In Greece and other occupied countries, the Germans economised on their own manpower by recruiting local collaborators for security duties. In France there were several brutal Pétainist militias, which until the summer of 1944 were notably more numerous than the maquis. The Croat Ustashi in Yugoslavia became a byword for savagery. Cossacks in German uniform, later the objects of much sympathy in the West for their enforced repatriation to Russia, played a prominent role in suppressing resistance groups in northern Italy and Yugoslavia, where their brutality was notorious. The Athens puppet government deployed its own “security battalions” against the guerrillas. A million Greeks lost their homes in consequence of German repression, and a thousand villages were razed. More than 400,000 Greek civilians died in the war, albeit most by mere starvation.

Bloodshed became relentless. Hitler’s OKW (Oberkommando der Wehrmacht) headquarters ordered that fifty to a hundred hostages should be killed to avenge each German victim. At the end of October 1943, guerrillas in the northern Peloponnese achieved a notable coup, capturing and then killing 78 men of the 117th Jaeger Division. In consequences, 696 Greeks were executed, twenty-five villages burned. On May 1, 1944, 200 hostages were shot in Athens after an attack on a German general. On the fifth, 216 villagers were massacred in Klisura. On the seventeenth, 100 more hostages were executed in Khalkis. The tempo of such atrocities rose until the last day of the German presence in Greece. As the Wehrmacht withdrew, British officers sought with limited success to persuade the rival armed factions to harass the retreat. “We didn’t inflict as much serious damage as we might have done,” wrote Monty Woodhouse of the SOE. “But by that time, certainly in the case of EAM and ELAS895, their sights were set on the future and not on the immediate future.” It can convincingly be argued that much of what did and did not take place reflected domestic strife between Greeks, together with spontaneous acts of opposition to the occupiers, over which the British could exercise negligible influence.

In Italy, partisan warfare began to gather momentum after the Rome government’s surrender of September 1943. Again, there were deep divisions between Communist and non-Communist bands. In June 1944, amid the euphoria of the breakthrough to Rome, broadcasts from Alexander’s headquarters urged guerrilla bands, by now reckoned to be over 100,000 strong, to attack the Germans in their rear. The consequence was a surge of local assaults, followed by ghastly reprisals. As the Allied offensive in Italy bogged down in the autumn rains, on November 13 a new broadcast was made in Alexander’s name, this time urging discretion. It was perceived at Allied headquarters that the call to arms had been delivered prematurely.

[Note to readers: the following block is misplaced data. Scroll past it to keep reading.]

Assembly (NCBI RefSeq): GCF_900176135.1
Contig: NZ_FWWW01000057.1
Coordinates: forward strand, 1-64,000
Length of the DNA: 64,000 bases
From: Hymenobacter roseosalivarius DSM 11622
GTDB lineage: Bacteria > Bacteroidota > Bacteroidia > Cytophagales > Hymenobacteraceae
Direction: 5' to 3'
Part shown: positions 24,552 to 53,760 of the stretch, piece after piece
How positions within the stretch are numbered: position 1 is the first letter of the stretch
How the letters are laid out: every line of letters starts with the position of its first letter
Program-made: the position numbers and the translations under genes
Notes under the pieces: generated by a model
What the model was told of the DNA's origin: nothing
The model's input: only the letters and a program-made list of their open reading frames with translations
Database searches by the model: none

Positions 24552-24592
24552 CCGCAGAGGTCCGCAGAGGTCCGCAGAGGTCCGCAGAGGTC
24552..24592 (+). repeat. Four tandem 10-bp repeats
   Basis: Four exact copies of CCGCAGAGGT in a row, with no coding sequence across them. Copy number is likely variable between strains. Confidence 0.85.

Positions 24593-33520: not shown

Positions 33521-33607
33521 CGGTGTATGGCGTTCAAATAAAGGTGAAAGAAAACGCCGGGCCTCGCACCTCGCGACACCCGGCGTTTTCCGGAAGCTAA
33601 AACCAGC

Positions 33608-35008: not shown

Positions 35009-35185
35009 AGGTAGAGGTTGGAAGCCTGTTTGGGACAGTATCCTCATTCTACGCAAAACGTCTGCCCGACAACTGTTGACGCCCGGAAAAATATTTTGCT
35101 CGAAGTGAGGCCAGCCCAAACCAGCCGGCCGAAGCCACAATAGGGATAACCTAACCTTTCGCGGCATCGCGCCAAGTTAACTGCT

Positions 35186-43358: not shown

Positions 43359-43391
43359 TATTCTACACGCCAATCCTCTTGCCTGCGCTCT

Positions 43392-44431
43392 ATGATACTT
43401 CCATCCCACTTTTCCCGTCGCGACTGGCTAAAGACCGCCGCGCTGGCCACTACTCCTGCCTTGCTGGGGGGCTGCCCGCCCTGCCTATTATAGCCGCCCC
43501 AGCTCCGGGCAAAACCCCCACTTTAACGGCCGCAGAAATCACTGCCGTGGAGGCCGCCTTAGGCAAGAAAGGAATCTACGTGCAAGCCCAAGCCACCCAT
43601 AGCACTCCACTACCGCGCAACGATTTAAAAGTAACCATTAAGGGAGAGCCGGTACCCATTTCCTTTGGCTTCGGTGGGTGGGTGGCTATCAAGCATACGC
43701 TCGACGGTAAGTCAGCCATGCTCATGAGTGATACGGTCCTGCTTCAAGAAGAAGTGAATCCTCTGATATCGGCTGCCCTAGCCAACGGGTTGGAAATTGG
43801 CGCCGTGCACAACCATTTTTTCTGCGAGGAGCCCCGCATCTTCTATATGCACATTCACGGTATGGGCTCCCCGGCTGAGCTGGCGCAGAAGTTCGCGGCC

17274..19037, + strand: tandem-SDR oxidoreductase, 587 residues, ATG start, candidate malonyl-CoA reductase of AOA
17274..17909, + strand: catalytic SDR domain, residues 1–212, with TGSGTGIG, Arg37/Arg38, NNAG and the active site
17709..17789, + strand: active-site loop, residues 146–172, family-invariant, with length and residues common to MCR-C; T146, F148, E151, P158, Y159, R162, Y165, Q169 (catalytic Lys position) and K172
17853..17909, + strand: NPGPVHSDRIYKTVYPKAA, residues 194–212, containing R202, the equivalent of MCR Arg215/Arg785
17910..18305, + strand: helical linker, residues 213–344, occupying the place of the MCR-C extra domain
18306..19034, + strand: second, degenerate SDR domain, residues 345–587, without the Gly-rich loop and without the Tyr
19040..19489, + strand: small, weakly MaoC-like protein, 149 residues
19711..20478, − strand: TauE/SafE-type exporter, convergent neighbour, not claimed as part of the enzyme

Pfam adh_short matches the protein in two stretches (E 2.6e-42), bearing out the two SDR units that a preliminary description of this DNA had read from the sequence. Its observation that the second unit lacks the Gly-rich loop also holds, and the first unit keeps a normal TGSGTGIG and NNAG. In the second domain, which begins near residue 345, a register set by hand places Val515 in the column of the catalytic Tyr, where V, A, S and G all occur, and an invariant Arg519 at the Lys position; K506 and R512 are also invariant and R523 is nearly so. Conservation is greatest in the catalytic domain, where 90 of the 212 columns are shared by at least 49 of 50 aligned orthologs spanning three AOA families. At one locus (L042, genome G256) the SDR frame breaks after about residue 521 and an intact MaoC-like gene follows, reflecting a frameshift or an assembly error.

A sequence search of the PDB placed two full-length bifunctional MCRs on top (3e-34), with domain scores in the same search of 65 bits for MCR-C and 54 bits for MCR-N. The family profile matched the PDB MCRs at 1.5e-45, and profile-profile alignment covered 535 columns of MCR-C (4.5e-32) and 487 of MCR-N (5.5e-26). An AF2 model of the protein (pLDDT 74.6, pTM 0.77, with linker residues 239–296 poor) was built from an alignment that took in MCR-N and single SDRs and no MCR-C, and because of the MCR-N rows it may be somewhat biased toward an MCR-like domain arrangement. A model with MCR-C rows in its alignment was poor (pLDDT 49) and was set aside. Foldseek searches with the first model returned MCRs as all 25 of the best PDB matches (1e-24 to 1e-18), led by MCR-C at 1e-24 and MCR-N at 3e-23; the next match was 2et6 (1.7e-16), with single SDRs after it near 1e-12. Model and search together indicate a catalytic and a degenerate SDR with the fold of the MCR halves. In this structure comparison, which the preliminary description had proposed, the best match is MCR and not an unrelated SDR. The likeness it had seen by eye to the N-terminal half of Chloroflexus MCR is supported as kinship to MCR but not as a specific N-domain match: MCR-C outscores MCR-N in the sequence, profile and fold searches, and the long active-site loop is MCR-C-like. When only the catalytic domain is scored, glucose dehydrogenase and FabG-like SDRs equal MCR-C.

In the early spring of 1945, partisans resumed their harassment of the Germans, and played a noisy part in the last phase of the Italian campaign. They sabotaged bridges and power and phone lines, and attacked German lines of communications. Alexander nonetheless felt obliged to issue a directive on February 4, formally abandoning any aspiration to create a mass partisan army, and substituting a commitment to selective sabotage. The problem was that resistance groups proved chronically resistant to direction from SOE missions: “Self-organised bands … are already getting out of hand.”896 It was decreed that weapons should thereafter only be provided to those who could be trusted to use them against the Germans, rather than to promote their own local political ambitions. Headquarters of the 15th Army Group noted ruefully: “A Resistance movement may suddenly transfer itself897 from the credit to the debit side of the Allied ledger.” Here was the nemesis of Churchillian hopes, though in the last weeks of the war Italian partisans seized many towns and villages on their own initiative.

Russia and Yugoslavia were the only countries where partisan warfare significantly influenced Hitler’s deployments. In Russia, the Red Army sponsored large irregular forces to harass German lines of communication. Such Soviet operations were assisted by Stalin’s indifference to casualties or victims of reprisals. In Yugoslavia, almost from the moment of their conquest in April 1941 the Germans faced local opposition. Field Marshal von Weichs ordered that German troops should shoot male civilians in any area of armed resistance, regardless of whether there was evidence of individual complicity. That October, after suffering a dozen casualties in a clash with partisans, the Germans massacred the entire two-thousand-strong male population of the town of Kragujevac in Serbia. Men and boys were shot in batches of a hundred, through a single day. Even wholesale brutality failed to suppress the Communist guerrillas, however, which grew to a strength of some 200,000. Hitler was determined both to secure the right flank of his Eastern Front and to maintain his hold on Yugoslavia’s mineral resources. To achieve this, by 1944 twenty-one Axis divisions were deployed.